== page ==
ed it. That seemed confirmed when I took it apart and saw a damaged washer
and damaged seat. It also seemed confirmed when I left the house water tu
rned on, but turned the hot water supply off at the tank, and the drip did
not change. (I don't have a whole house shutoff, I have to use the curb st
op, but there is a shutoff on the hot water tank.)
I did not use teflon on the seat, and perhaps that was a mistake. Do you t
hink it could leak around the seat enough to drip? It was very hard to get
the seat started without crossthreading, and I didn't tape it being pretty
sure the tape would come off in the process. It's tricky to get that seat
way inside the valve body.
If that is in fact the problem, then it means that the old problem (bad was
her and seat) is fixed and a new problem (leaking around the seat) cause ex
actly the same symptoms.
Take apart both valves. Compare the parts. Someone may have used the
wrong parts in the valve that you repaired. Maybe try a flat washer if the
stem is long enough. I'd rebuild the cold valve, new washer and packing.
On Wednesday, August 21, 2013 12:08:37 PM UTC-4, David L. Martel wrote:
Thanks. We're thinking along the same lines. There are several parts now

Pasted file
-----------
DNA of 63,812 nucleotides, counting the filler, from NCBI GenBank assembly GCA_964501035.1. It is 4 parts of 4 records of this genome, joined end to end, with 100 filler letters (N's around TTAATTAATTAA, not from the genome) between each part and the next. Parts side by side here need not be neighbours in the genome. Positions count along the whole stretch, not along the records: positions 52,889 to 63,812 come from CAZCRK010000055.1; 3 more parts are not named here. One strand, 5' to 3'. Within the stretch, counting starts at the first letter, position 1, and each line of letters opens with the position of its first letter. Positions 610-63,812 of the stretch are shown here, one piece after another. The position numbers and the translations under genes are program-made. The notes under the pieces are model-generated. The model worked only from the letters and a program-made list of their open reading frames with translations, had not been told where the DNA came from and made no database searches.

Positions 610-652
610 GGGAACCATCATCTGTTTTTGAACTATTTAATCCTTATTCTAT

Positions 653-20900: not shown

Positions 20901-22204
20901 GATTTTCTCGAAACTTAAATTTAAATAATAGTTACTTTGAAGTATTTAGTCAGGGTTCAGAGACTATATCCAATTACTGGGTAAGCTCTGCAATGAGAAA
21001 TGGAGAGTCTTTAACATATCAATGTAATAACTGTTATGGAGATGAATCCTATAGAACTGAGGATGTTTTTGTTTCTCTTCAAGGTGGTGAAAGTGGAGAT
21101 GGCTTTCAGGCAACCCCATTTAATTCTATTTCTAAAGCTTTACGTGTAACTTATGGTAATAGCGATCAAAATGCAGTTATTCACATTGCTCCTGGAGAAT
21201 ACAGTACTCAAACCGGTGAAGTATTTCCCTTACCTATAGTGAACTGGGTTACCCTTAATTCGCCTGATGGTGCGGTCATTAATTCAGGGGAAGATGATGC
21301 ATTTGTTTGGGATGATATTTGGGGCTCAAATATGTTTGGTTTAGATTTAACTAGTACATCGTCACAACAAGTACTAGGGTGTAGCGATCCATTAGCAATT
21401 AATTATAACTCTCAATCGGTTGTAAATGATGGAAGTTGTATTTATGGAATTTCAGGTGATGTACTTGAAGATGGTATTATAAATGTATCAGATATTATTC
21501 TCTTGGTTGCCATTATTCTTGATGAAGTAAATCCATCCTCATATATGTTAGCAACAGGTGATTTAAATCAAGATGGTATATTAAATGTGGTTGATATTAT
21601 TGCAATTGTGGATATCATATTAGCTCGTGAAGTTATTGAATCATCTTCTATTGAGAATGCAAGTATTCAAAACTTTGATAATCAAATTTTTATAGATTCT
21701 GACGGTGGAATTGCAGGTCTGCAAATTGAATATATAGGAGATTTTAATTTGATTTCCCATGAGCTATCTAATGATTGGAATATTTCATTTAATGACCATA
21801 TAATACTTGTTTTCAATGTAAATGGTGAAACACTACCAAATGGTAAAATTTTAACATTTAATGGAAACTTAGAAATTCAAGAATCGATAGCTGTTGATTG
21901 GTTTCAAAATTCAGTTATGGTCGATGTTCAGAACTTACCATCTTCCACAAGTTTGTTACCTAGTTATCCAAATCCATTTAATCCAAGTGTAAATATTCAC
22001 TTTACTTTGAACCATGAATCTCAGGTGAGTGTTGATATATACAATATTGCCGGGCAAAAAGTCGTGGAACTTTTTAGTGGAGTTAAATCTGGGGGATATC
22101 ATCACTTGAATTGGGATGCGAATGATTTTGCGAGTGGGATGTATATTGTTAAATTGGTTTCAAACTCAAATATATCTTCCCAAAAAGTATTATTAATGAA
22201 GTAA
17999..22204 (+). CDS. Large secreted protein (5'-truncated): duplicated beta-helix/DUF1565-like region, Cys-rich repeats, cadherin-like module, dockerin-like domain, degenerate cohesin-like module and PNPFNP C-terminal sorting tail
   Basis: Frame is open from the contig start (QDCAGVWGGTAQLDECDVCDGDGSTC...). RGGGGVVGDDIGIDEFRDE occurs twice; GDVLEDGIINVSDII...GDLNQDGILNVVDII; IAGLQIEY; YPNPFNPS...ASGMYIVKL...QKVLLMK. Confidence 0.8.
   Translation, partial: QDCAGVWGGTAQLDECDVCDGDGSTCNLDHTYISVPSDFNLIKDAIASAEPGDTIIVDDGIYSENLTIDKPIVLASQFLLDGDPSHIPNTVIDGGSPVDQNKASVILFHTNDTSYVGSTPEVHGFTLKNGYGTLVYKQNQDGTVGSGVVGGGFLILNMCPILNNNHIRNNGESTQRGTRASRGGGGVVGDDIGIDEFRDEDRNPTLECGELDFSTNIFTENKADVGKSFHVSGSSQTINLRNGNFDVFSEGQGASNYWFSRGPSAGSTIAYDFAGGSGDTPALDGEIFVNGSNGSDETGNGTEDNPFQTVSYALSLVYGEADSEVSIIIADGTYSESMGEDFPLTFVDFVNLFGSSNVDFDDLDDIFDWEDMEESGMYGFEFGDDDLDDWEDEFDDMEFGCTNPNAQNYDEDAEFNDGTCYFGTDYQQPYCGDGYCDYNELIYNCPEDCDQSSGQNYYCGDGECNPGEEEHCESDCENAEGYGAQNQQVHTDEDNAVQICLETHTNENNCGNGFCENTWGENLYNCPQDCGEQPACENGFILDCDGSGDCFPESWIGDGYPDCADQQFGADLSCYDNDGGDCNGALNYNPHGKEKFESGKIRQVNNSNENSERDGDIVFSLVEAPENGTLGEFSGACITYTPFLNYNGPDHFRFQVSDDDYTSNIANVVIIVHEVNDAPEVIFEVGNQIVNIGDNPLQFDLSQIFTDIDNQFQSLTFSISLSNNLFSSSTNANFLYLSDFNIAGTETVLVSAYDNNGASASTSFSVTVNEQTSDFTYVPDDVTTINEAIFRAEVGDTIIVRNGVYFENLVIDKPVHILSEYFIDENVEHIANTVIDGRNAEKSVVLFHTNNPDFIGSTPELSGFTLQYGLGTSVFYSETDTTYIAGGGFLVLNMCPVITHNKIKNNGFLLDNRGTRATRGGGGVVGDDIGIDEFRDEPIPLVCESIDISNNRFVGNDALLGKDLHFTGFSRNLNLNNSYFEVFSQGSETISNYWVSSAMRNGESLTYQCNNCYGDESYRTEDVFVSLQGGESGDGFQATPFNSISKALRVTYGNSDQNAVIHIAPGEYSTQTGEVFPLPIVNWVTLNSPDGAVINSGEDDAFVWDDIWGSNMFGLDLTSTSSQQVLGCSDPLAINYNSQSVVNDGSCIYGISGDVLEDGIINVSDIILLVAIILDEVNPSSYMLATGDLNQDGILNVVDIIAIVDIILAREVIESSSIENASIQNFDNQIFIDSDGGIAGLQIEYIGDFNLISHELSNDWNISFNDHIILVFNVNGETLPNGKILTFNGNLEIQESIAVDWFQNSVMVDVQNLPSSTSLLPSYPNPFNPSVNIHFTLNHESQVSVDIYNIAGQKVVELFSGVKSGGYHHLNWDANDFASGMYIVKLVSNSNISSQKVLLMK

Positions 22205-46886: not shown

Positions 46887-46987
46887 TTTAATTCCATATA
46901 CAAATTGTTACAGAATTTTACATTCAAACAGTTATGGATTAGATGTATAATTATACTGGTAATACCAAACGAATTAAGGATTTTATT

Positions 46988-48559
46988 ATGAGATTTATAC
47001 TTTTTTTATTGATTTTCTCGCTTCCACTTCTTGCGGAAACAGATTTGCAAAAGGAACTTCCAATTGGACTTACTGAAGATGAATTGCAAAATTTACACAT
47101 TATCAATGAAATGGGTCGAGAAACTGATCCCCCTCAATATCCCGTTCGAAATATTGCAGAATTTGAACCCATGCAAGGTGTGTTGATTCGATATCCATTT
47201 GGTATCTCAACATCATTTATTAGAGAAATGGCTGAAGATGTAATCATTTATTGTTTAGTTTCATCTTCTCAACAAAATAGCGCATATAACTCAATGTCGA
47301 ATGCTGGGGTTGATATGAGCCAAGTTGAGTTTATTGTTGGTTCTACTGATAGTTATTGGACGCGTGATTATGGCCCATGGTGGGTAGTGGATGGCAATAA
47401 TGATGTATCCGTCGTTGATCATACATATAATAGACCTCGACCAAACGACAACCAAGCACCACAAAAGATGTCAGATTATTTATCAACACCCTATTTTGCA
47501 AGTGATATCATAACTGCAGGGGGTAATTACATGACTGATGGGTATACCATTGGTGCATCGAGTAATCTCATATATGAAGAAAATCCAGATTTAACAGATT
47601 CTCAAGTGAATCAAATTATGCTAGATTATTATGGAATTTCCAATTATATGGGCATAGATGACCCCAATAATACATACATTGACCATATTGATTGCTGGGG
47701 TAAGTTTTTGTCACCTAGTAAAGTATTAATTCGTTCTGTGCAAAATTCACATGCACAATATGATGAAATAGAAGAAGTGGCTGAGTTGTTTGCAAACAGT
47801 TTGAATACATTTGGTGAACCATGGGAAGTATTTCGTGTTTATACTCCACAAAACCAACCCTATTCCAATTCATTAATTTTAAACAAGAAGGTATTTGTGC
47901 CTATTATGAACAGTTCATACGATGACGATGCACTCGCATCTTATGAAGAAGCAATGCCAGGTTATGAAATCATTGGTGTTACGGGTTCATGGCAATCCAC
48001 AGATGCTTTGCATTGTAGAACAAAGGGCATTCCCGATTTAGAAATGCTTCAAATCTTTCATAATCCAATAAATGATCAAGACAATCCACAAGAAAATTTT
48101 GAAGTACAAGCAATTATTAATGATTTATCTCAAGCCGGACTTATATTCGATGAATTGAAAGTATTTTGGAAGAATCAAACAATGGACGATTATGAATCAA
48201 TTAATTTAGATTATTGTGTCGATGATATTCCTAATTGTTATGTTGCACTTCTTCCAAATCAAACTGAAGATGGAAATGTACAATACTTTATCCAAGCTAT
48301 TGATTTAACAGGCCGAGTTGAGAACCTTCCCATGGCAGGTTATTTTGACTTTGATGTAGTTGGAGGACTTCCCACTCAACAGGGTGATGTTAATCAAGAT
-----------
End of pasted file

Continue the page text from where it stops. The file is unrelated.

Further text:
different from the original. I changed the seat, which was dinged up, but
they could not match it exactly. I also changed the washer, and the cup th
at held the washer was split, so I ground it down and added a replacement c
up. Too many variables at once.
Today I took the old seat to the fourth plumbing supply in town, they can't
match it. I'll have to drive up to the next big city.
Meanwhile, I removed the cup and went back to just the cone washer. When I
turned the water back on, no drip. Temporarily. But once the shower was
turned on, turning it off left with a drip. Arggh. But that suggests it m
ay actually be the seat/washer interface rather than something I'm missing.
So, one last try. In very good light I found the markings on the old flat
washer and matched it exactly. Right now the shower is not dripping - but
I've been there before. I'm just going to delay testing it until someone r
eally really needs to shower. Hee, hee.
The last variable is the replacement seat. I do intend to get the exact re